I went through a Daylily (Hemerocallis sp. and cvs.) phase for a year or two, then lost interest. This says more about me than it does about Daylilies – I go through frequent periods of enthusiasm for a particular species or genus of plant. In most cases the enthusiasm fades, but leaves behind a few …

Front yards are for showing off. That’s what I believe. That’s why when I think about what I’m going to plant and where, I think about how it will look to passersby on the sidewalk.

The genus Monarda brings wonderful gifts to the garden. Through trial and error, though, I’ve come to realize that getting the most out of Monarda species takes a certain amount of thought.

There’s a hole at one end of the Driveway Border that I had expected to be full of colorful flowers by now. But it was not to be. A number of plants have been harmed by Four-Lined Plant Bugs (FLPB) this year, none more so than the Culver’s Root (Veronicastrum virginucum). Here’s how the Culver’s …

We’re coming out of a lull in which the Front Garden was almost entirely green. Sure, I know green is a color but still – it’s not a color. You know what I’m saying. Now, as we shift into summer, the real colors are coming back.

This weekend was full of observances in our family. Saturday was Judy’s birthday. Sunday was our wedding anniversary – the 35th. Also Father’s Day, of course.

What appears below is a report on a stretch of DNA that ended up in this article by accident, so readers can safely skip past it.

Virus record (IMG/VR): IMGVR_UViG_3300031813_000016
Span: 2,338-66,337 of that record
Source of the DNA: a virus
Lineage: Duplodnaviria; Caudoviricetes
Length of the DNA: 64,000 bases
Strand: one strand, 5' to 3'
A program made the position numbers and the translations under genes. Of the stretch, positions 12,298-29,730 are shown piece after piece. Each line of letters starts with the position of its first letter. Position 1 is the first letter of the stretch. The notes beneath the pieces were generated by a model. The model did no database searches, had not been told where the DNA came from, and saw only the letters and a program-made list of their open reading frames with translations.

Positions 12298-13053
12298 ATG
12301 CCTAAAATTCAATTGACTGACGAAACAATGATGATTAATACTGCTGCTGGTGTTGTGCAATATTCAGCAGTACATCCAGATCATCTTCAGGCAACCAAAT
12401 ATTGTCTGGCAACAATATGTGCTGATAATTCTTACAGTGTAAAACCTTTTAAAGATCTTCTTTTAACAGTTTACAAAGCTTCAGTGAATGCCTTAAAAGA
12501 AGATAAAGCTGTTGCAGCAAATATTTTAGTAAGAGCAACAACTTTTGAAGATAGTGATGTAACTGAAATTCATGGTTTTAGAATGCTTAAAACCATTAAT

Last fall I purchased 2 Bowman’s Root (Porteranthus trifoliatus or Gillenia trifoliata, depending on who  you ask), after seeing them massed beautifully outside Lurie Garden. Though it’s been less than a year, I’ve made up my mind: I definitely want more.

June is the month of blue flowers, or so it seems in our garden. Sadly, we are missing one of my favorites, Wild Indigo (Baptisia australis), which was lost to sewer repair. I planted a replacement, but it won’t bloom this year.

In our garden, at least, the Tulips in their season are star performers, adding a zingy drama to the area in front of the house.

On the third day of the Denver Garden Bloggers Fling we visited the home garden of Rob Proctor and David Macke. Rob Proctor used to be the director of horticulture at the Denver Botanic Gardens, so I was looking forward to this visit with keen anticipation.